Rosa Pavanelli, PSI General Secretary says: “Instead of moving closer to the implementation of the Sustainable Development Goals, we remain very far from ensuring the human right to health for all. More than 1 billion people live in poverty and have no access to drinking water, while 2.6 billion have no access to sanitation. Wars, internal conflicts and climate change continue to claim tens of thousands of victims and cause the refugee crisis. Health workers pay with their lives for being on the forefront of the fight against natural, man-made and epidemiological disasters such as Ebola, Zika and MERS, working without adequate protection or when providing much needed humanitarian aid in hospitals.”
Unfortunately the recent Ebola and Zika Virus epidemics are totemic of the lessons we are failing to learn on a global level. These lessons talk of the need for adequate numbers of well-trained healthcare workers who are appropriately resourced. They talk of the need for regulation, and more importantly accountability and enforcement of these regulations, within healthcare systems and they speak of the need for a whole government / societal approach in both preventative and reactive situations; the need for robust and coordinated services at the primary, acute and post acute service levels.
Questions of healthcare, whether they are funding, resource allocation or accessibility questions all become political issues. We therefore challenge the excuses of “how much the global forces are shaping favourable conditions”. The global forces are a result of political decisions; the decision to bail out the banks, the decision to implement austerity measures, the decision to cut revenue sources and the decision not to close tax avoidance loopholes. These forces are not out of human control.
In too many countries, the Millennium Development Goals have left unfinished business, including on reducing child and maternal mortality due to austerity and structural adjustment programmes. The domination of the global pharma-industry on national health delivery has only increased, while investment in public research and development is generally declining. And now the insurance industry wants to use patients as a commodity to trade, moving people to other countries where healthcare is cheaper.
“We need to keep health, social and other public services out of trade agreements like CETA, TTIP, TPP, RCEP and TISA, which will otherwise lead to cut-throat competition over the backs of patients and workers. On World Health Day we reaffirm our goal of building a public health system that guarantees universal, free, comprehensive and quality healthcare for all!” adds Rosa Pavanelli.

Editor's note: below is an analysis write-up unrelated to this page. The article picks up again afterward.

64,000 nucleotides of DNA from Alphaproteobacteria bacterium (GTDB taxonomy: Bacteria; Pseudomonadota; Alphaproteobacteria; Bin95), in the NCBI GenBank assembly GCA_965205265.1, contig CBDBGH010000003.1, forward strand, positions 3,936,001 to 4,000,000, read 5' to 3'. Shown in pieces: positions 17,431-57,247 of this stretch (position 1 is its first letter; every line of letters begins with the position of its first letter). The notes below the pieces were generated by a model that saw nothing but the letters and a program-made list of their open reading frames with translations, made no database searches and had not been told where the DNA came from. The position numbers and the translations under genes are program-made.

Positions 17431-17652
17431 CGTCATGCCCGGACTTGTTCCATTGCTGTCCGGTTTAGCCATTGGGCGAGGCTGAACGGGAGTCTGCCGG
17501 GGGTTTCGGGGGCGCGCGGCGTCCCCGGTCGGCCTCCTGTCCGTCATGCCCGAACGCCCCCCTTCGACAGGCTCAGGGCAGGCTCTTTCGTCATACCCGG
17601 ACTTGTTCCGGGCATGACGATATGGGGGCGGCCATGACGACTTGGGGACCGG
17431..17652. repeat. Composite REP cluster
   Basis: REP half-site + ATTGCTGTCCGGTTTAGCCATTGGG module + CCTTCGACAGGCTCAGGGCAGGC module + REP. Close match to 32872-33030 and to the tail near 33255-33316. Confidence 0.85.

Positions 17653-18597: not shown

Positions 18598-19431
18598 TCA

Decent salaries and safe working conditions for health workers are key to the delivery of those services as well as the respect of their labour rights. Migration of professionals who leave the public system due to low wages and poor working conditions threatens guaranteed health delivery around the globe, including in paediatric services. Cuts in public funding make these systems more fragile and work more precarious, whereas investments in healthcare delivers growth and quality of life. Home carers, those delivering elderly care, health care assistants, nurses, junior and other doctors, cleaners are standing up for better pay and recognition of skills, qualifications and their labour rights.
Decent work has many parameters; a living wage, the right to belong to a trade union and participate in the actions of the union, the right to a safe work place, access to ongoing education and support, sufficient down time and safe length of shifts, opportunities for professional development and advancement are a few these. Importantly for healthcare workers decent work also requires that they are able to speak freely and without fear of repercussion about the healthcare system in which they work. Indeed, when they speak about their working environment, they are primarily advocating for the rights of patients to effective, safe and quality care, irrespective of government policies.
Public healthcare is more effective and efficient than private systems. Evidence from countries with universal healthcare access systems, such as France and Italy were for many years considered the most effective, the NHS, or the Australian universal insurance system (Medicare), show that they are far more efficient than the privateer based systems such as in the US whilst costing less. It is not the absolute percentage of GDP that determines health outcomes; it is how the healthcare is provided.
World Health Day is a day of action against health commercialization, bringing together health users and workers, citizens, trade unions, NGOs and international networks calling for adequately staffed and well-funded public health systems. Policy prescriptions of the World Bank, IMF and regional development banks continue to favour the commercialization of care, although more expensive and proved to fail as it excludes many people from having access.
The lesson from Ebola is clear. In a globalised world no disease remains confined to a country and this is why we need strong global governance and effective, well-resourced national public health systems to ensure universal access for all.
Actions and demonstrations are planned in several European cities : Madrid, Barcelona, Zarogosa, Paris, Lille and Brussels. A call was launched to the population to support the action hanging a white sheet at the windows to defend health away from commercialization drifts. Hashtags #Health4All #SantePourTous #GezondheidVoorIedereen #SaludParaTodos will be used on social medias.